Ingrid Goes West: Review

TW: suicide and self-harm. This article contains spoilers.

It seems like every week another study comes out highlighting the negative side effects of social media use, and it is getting a little overwhelming. For those of us who want to learn about what excessive social media use can do to a person without having your eyes glaze over in the face of streams of statistics and scientific jargon, Matt Spicer’s Ingrid Goes West is a great place to start. Hilarious, disturbing, and insightful in equal measure, the film manages to avoid the after-school special quality that ruins so many movies with a message.

The audience follows Ingrid in her journey to reinvent herself in California as the best friend of Instagram star Taylor Sloane. Ingrid has just been released from a mental institution after assaulting her previous Instagram obsession. The fact that the opening scene is one of violent assault might make it seem like Ingrid is not a sympathetic lead. However, as the film goes on we see more and more of ourselves in her. Who hasn’t spent an entire day on the couch doing nothing but surfing the web? Who hasn’t wanted to move someplace new and reinvent yourself in the image of someone you admire? The scenes in which Taylor passes over plans she made with Ingrid in favour of others is heart-wrenchingly familiar for anyone who has ever had something similar happen to them.

Yet, in spite of how relatable she is, the film is careful to always keep Ingrid’s unhealthy relationship with her phone in the back of our minds. The fact that we see aspects of ourselves in Ingrid only serves to make the film all the more disconcerting. We all know by now – it is impossible not to – that social media is strongly linked to negative mental health, but seeing the logical conclusion of statistics presented to us on the silver screen gives one motivation like never before to lessen one’s reliance on social media.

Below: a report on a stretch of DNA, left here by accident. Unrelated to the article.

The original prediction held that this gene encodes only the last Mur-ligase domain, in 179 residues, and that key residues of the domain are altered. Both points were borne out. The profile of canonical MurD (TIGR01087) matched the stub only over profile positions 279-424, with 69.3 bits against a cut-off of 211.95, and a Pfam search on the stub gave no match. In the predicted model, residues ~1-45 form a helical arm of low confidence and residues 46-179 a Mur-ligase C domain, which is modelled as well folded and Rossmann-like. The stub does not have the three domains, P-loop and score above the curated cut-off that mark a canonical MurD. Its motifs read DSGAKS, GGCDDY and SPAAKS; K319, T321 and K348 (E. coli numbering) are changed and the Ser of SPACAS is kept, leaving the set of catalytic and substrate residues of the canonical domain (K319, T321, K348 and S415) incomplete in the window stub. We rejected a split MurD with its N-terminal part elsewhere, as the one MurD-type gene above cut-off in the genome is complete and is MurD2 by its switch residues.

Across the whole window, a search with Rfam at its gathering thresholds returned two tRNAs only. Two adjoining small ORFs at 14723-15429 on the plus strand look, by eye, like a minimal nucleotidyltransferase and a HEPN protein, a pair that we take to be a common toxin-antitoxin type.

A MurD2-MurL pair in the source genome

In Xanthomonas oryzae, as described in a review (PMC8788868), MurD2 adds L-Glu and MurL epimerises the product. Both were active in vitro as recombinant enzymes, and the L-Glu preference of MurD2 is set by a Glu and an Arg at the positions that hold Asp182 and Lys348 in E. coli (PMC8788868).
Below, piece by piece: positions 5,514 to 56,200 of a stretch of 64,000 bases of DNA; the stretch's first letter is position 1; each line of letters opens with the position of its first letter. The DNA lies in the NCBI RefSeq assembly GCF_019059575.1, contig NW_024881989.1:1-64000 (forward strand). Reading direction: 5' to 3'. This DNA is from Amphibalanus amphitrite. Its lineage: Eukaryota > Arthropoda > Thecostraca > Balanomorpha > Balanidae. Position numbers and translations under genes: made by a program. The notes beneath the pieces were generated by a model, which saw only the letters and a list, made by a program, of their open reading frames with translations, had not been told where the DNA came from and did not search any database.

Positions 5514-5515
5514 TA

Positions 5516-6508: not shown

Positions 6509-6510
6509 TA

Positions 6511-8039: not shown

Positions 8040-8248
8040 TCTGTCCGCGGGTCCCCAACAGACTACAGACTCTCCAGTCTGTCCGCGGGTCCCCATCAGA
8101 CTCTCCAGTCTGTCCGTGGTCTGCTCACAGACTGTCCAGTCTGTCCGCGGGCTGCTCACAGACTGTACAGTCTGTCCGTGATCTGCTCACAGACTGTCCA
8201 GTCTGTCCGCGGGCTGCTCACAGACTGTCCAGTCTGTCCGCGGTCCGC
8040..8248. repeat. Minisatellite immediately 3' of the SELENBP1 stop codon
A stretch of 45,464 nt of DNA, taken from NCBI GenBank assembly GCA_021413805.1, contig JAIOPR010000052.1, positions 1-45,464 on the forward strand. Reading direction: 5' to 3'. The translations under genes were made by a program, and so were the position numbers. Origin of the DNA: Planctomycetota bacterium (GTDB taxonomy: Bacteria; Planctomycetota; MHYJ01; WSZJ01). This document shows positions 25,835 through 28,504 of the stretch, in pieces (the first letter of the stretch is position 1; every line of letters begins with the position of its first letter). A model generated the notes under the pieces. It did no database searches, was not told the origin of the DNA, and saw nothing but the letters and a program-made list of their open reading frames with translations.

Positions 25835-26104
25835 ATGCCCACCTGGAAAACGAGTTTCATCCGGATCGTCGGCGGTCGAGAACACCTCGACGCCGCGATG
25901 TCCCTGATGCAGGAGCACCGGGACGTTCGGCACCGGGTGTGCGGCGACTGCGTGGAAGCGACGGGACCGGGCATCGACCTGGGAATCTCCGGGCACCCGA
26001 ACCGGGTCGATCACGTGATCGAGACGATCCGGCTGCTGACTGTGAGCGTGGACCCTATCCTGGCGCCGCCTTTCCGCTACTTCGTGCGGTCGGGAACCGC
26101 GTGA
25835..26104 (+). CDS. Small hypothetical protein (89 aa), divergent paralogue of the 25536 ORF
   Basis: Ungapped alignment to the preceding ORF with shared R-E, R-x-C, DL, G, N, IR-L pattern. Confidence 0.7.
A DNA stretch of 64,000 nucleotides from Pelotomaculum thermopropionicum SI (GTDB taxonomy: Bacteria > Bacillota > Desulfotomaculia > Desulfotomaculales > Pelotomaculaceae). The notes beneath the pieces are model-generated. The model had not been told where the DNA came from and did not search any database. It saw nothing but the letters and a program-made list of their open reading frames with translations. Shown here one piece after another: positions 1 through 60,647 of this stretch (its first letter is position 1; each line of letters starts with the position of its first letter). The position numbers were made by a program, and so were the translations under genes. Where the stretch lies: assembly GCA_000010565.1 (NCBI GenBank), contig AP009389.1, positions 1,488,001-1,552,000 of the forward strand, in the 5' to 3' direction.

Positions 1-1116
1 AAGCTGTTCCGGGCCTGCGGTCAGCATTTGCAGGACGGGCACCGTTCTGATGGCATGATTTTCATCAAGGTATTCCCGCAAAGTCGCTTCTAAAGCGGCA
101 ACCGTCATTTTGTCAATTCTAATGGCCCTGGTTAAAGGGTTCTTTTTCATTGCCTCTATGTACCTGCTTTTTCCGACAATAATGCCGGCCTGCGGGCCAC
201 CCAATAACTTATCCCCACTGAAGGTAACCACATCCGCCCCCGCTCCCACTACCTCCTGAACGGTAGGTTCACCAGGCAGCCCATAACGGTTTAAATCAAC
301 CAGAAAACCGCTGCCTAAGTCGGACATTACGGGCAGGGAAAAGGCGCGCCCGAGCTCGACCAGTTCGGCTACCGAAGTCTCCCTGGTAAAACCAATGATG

Ingrid compulsively compares her life to the ones she sees on her Instagram feed, and her doing this is precisely what prevents her from improving her life. By the end of the film she is so completely incapable of divorcing her self-image and self-worth from her social media image that she attempts to end her own life, only after ensuring the scene is aesthetic enough to be live-streamed on her Instagram. Even this scene doesn’t seem that far separated from today’s reality; as more and more of our lives are edited and filtered to be better suited for posting on social media, surely it is not that hard to imagine that some people could treat their deaths the same way.

Aside from these ideas about social media addiction and the danger of tracking self-worth through it, Ingrid Goes West also puts its audience at ill ease with their social media accounts by showing just how easy it is for Ingrid to stalk Taylor based on a handful of shared photos. The scenes in which Ingrid tracks Taylor down in seconds from her posts should be enough to scare anyone into increasing their privacy settings.

Taylor herself serves as far more than just a victim, she is also the film’s walking, talking critique of 21st century celebrity culture. In a world in which someone can become famous for choosing the right hashtags and filters, the word ‘celebrity’ ceases to have any meaning. When young people look up to such figures and base their self-worth on how similar their lives are to those of their idols, then that self-worth will be as fleeting as the interest in that celebrity.

Ingrid Goes West offers a biting critique of the social media generation, but not one entirely divorced of sympathy for them. It is a must-see for anyone who thinks that their social media use is taking up too much of their life, and in 2018 that is probably more of us than would like to admit it.

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